So what did Mutant Enemy gain by insisting on their own creative freedom without regard for the responsibility that comes with that freedom? Black askes. What had they reaped from the seeds they sowed? Falling ratings, loss of trust, a segment of the fanbase which became so alienated because of what happened that it actively organized against the show, people with agendas they claimed to hate cheering them on, negative reviews and stories in the press, and a controversy that dragged on through nearly half the summer and had threatened to haunt the promotional efforts for the fall. And this was in addition to the fallout from several other elements of Buffy’s sixth season that had exhibited the same signs of irresponsible storytelling and lack of regard for consequences. Even the fact that the Buffy cast would openly make fun of the way Tara died demonstrates to me the fact of how no one was really considering the consequences of what they were doing before it was too late. Black then says that, “Joss and his team kept their creative freedom, but at the cost of their status as the darlings of many critics, and at the cost of their reputations with the fans. Sooner or later, that will likely translate into a cost at the financial bottom line as well So was it worth all that? Black then writes that, “Freedom and resposiabilty are inseperable. You can’t insist on one without the other. If you try, you may make a splash on the face of the world for a while, but sooner or later too many of those people you feel no responsibility toward will either be offended or bored by the things you give them. Why wouldn’t they be? You feel no responsibility toward them, so what chance do you have of connecting with them? When that happens, chances are they’ll stop giving you their money, and at that point, what are you left with? Nothing but a raging ball of resentment toward a world that doesn’t understand your “vision.” Robert Black also points out that, “A better way of way of doing business, a more responsible way, is a way that looks beyond the self and toward another. In the case of the writer, it means looking beyond yourself and toward the audience. Joss Whedon says he needs to give the fans “what they need”, but in order to do that a writer must make contact with the audience and establish a dialouge. It’s the only way you can find out exactly what they need. Does that mean you let the audience dictate your story? Of course not—that would be slanting in the opposite direction. Each of us who writes has a unique message to give to the world---but we can’t do that if we never bother looking to find the best way of delivering those messages. Without contact, without dialouge and without responsibility, we end up delivering our messages about as effectively as if we were standing on street corners, shouting them through Bull Horns.”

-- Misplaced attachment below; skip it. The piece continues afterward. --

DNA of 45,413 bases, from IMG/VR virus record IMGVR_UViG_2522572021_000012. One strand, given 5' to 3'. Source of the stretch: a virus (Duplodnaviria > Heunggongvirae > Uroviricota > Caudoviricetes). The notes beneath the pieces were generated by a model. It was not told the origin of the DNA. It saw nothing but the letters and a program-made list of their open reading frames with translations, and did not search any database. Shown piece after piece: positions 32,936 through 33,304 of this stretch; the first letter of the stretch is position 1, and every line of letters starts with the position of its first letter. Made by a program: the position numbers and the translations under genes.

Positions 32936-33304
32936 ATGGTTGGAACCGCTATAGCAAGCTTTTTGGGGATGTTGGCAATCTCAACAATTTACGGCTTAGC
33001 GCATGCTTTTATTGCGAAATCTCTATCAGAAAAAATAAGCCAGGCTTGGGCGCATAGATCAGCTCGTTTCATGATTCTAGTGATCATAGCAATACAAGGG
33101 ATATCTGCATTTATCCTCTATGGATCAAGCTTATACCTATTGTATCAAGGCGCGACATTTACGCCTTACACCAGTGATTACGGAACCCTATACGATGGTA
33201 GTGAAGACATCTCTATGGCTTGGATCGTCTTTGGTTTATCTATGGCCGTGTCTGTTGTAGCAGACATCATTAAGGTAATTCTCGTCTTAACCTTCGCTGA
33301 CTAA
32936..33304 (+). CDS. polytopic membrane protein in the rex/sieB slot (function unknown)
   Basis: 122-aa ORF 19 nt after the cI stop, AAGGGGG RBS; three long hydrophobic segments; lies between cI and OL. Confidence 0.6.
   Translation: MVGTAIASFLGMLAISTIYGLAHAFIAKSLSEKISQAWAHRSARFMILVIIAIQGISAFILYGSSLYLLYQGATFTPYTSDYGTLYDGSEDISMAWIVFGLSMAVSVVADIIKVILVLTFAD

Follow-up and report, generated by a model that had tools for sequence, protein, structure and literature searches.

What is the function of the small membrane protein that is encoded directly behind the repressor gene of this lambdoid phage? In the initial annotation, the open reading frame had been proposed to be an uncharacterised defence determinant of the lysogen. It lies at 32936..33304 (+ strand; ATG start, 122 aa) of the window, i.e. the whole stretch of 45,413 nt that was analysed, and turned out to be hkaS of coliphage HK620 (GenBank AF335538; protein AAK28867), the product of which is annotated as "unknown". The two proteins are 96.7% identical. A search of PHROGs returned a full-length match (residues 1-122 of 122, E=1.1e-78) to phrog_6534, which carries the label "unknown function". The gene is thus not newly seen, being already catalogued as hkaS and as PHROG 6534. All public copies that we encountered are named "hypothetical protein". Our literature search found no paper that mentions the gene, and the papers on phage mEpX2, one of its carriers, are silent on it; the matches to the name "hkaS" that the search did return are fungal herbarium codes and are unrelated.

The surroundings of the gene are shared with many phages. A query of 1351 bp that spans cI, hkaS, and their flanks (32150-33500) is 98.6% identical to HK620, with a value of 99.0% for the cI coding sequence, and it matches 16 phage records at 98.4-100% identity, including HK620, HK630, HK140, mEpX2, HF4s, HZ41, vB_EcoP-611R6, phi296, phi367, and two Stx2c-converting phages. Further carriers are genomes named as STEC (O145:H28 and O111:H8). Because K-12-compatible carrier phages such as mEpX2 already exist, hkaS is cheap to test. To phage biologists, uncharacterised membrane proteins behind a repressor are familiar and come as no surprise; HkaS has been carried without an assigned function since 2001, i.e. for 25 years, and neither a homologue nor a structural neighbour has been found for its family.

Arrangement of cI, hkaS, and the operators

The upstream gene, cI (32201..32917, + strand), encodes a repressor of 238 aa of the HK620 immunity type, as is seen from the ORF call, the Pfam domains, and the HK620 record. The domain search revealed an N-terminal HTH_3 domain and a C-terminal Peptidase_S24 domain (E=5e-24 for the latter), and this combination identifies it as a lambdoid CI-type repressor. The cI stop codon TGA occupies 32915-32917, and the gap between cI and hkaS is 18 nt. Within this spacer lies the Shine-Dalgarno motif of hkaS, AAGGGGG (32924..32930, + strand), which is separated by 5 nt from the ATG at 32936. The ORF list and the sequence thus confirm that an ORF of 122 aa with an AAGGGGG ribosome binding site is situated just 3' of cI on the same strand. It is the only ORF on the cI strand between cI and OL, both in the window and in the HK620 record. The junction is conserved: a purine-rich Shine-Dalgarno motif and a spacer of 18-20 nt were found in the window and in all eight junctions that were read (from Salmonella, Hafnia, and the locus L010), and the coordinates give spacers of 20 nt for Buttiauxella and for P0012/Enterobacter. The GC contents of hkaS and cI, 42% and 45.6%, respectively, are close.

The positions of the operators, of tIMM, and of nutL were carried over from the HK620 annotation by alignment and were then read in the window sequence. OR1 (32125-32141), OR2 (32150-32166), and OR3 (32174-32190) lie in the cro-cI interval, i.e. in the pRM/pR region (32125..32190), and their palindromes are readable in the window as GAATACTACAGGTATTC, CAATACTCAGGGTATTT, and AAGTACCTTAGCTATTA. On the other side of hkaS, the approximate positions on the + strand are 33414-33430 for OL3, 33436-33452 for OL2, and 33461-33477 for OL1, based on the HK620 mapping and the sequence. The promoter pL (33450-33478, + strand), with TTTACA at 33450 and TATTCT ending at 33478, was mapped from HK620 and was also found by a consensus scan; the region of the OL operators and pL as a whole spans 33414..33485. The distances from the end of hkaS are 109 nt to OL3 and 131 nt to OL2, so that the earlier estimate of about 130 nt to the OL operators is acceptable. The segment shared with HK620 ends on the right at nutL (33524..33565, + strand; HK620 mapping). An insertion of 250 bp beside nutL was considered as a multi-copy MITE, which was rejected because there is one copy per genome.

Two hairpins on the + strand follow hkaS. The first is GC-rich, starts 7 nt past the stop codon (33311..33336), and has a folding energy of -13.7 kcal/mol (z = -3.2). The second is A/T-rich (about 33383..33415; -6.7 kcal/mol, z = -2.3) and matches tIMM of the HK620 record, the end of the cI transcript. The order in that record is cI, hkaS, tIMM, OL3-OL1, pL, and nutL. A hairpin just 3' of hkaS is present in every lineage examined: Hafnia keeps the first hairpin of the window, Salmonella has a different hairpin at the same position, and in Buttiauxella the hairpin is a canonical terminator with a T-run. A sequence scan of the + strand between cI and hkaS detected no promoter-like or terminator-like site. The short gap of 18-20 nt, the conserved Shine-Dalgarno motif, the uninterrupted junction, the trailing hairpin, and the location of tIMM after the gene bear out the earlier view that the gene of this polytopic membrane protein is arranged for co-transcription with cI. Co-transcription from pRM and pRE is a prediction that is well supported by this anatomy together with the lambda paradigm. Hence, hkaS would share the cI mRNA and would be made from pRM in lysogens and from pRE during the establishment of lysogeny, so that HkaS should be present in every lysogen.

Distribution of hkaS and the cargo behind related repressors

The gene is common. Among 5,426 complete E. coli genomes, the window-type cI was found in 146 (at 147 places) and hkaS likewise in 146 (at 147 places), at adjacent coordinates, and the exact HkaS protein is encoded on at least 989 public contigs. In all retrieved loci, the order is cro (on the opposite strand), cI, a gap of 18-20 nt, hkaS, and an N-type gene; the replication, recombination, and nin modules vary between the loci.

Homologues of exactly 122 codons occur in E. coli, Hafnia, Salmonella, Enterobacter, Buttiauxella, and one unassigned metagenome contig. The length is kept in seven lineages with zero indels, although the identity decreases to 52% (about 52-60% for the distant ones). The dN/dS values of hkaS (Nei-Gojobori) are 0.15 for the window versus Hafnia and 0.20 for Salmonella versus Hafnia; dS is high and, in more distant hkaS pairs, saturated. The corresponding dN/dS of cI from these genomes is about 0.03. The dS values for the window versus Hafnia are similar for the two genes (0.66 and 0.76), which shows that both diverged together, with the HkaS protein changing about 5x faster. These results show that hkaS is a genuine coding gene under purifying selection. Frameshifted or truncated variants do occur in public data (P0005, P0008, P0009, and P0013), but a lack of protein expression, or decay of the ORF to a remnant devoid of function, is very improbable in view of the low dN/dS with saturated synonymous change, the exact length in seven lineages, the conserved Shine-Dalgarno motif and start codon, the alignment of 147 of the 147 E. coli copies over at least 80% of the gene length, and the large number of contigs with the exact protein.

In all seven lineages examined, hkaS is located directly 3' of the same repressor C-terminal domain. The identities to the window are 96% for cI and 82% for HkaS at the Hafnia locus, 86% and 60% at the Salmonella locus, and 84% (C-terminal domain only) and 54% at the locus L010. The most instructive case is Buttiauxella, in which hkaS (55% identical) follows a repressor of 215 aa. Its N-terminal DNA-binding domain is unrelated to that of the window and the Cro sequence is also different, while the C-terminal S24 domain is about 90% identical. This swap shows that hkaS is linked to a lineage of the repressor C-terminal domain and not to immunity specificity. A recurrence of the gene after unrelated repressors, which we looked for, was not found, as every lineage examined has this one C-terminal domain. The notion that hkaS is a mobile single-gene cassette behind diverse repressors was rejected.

Robert Black points out that, “Gene Roddenbery once said there was quid pro quo in the writer/reader or writer/viewer relationship—the audience expects something in return for the time and attenton they’ve given the writer. Responsible writers reward the audience instead of punishing it. They give the audience enlightenment instead of darkness. Does that mean that their storylines must be full of sweetness and light? Of course not. The essence of drama is the principle of tension and release of moving from consonance to dissonance and then a new state of consonance. In other words, responsible writers can make their characters as miserable as they want as long as they remember to bring those characters back from it, too. Can Joss Whedon do it? Black askes. Can he run his business in a more responsible fashion? Of course there’s always hope—but after all that’s happened, Joss Whedon isn’t going to win back the trust of the fans with words alone. He’s been able to talk a good game before, saying all the right things about the Willow/Tara relationship while at the same time planning to tear it apart in the most vicious way possible. This time, Joss Whedon will have to follow up his words with deeds, not just once , but on a continuing basis. As fiercely as the controversy raged last time, it will be much worse if the fans are played for fools again. Can Joss Whedon do it? Can he run his TV shows and movies in a more responsible fashion? Or is he still so insistant on his own “vision” that he will continue to alienate his audience instead? The answeres to these important questions are completely up to him. And that’s how it should be.” The bottom line is that if you’re a writer, produer, director, or sometimes all three you have a moral, ethical, and social responsibilty toward both your viewers and society for the messasges you intentionally or unintentionally send. You can either help society or hurt it. And you have to learn how to deal with the consequences that those messages create regardless of whether they’re the messages you wanted to send or not . You can help move society forward or hold it back, as Robert Black would say. As Mr. Black and I have both said before: You can’t have freedom without responsibility. If you insist on the one without the other, you may make an impact on the world for a while, but if you feel no responsinilty toward your audience you will find yourself in a bind and sooner or later people will either get offended or bored by what you put out. They might even stop giving you their money. After all, why would they even bother? You feel no responsibity toward them so why should they feel any responsibility toward you? At some point both your fans and the public will stop respecting you and also stop giving you their attention. And then you are left feeling bitter and resentful toward a world that doesn’t understand your “vision” of how you think things are/should be. Joss Whedon fits this profile right down to the letter. In other words, Joss Whedon insisted on his creative freedom, but showed a total lack of regard for the consequences of sending messages that he had never wanted to send in the first place. For me as a person, honesty is the best policy. If you can’t be honest with the people around you, what’s the point in getting them to trust you? Building a relationship means you have to establish a bond of trust with your viewers, because without it that relationship falls apart. As a responsible writer, you have a duty to both yourself and your audience in trying to help society strive to become a better place.